Click Selection

Search News Releases:

News Resources
on the Web

24 October 2005

JSU Alumnus Authors Book:
The Owls of Thunder Hollow

By Randy Wilson
JSU News Bureau

Jacksonville State University alumnus Dan Barnwell recently came out with his first book, The Owls of Thunder Hollow, published by Author House of Bloomington, Indiana.

"I wrote this book so that people would realize that we hurt people when we lash out at them because of something that they don't do well," said Barnwell. "Instead of concentrating on a perceived weakness, we should be praising a person's talents."

Barnwell grew up as the seventh son in a family of twelve children. His father passed when he was young, leaving the family a small farm on the rocky side of Crooked Mountain east of Jacksonville.

Barnwell began displaying a vivid imagination as a young child while trying to entertain his brothers and sisters by sharing his original stories and poems.

The setting of the story takes place in Thunder Hollow, which is a perfect place to raise a family of owls. The owls have the perfect society in which to raise their young and have used a successful system for generations with very few changes.

Owls chronicles the life of a young eagle named Brownie. A marauding quartet of crows steal an egg from an eagle's nest. However, the mother eagle counterattacks the crows trying to recover her egg.

During the fray, one of the crows hides the egg in a hole in a tree. The crow intended to recover the egg after eluding the mother eagle. Unbeknownst to the crow, the hole in the tree was actually the home of a pair of owls.

The owls were asleep when the egg was placed in their nest. The owls decided to adopt the egg as one of their own. They had no idea of the origin of the egg, but were thankful to receive it.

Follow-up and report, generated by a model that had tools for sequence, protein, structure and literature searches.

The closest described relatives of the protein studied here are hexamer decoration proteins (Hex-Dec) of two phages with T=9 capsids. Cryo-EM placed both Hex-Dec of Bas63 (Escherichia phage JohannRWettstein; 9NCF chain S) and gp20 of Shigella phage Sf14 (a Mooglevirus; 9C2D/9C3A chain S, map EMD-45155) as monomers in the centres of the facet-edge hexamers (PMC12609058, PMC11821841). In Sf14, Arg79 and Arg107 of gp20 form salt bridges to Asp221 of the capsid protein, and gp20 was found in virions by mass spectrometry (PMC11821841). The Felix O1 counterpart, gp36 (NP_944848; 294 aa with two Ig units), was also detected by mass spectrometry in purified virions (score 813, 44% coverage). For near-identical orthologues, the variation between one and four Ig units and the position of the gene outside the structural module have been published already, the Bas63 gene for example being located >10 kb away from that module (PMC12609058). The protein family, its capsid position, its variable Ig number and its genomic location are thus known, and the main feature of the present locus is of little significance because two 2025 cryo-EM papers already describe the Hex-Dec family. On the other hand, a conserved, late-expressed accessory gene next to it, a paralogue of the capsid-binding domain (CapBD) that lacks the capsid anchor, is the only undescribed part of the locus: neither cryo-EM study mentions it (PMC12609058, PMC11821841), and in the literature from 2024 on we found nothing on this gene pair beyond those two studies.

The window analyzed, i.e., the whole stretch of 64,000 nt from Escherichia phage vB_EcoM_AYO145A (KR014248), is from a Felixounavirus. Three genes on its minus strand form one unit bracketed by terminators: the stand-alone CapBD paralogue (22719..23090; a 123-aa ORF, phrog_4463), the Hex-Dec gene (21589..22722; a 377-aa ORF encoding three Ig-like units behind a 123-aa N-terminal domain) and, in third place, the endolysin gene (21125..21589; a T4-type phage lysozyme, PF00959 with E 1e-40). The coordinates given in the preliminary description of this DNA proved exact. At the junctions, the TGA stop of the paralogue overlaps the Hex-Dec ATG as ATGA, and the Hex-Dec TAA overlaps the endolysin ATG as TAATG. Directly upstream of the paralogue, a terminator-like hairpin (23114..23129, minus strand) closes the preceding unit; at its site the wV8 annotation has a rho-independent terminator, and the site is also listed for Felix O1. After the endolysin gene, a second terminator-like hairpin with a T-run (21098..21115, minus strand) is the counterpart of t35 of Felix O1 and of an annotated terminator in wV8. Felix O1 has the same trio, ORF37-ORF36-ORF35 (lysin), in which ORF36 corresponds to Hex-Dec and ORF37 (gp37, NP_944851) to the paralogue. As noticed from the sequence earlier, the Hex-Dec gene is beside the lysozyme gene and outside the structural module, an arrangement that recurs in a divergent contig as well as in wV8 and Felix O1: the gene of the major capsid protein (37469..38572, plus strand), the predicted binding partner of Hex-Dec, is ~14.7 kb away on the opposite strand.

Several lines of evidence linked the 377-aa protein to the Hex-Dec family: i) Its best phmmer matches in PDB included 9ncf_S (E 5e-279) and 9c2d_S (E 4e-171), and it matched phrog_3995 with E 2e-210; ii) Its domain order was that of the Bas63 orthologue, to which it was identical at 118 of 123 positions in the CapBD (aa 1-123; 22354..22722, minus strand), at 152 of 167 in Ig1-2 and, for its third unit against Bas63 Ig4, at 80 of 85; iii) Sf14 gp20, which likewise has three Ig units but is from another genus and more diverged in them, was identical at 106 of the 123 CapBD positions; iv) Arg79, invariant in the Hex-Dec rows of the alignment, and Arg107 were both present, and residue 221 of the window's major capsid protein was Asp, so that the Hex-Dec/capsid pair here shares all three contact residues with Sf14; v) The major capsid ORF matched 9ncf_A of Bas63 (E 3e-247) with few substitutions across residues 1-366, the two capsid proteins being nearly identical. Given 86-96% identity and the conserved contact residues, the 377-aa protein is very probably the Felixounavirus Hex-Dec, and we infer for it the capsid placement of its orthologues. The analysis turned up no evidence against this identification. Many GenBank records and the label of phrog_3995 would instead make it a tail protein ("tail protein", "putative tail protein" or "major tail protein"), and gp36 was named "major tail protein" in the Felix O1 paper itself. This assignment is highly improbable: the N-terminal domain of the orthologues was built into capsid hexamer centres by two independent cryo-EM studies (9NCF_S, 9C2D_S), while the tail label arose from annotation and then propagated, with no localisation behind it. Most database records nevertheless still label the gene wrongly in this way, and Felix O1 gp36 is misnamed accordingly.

What follows is the story of an owl trying to teach a young eagle how to become a good owl. Both the teacher and the young owl give it an honest effort.

At times, the antics of the Old Teachers and Brownie, along with the other young owls, appear comical. Yet, the truth of the matter is that they are just two different birds. No matter how hard both student and teacher try, the owls can't teach the young eagle how to be a good owl.

The birds in this story pose as a metaphor for people and the area of the forest simulates communities.

"I hope that this story will help everyone who reads it to look for the God-given abilities in each young person they meet," said Barnwell. "I just can't thank my wife Judy enough for her support and help while writing this book."

The story is written with short sentences in a reader-friendly format. The book could easily be read within a leisure setting and be understood by anyone ten years old and up.

For more information about the book, call Dan Barnwell at (256)435-6377.

Submit items for news releases by using the request form at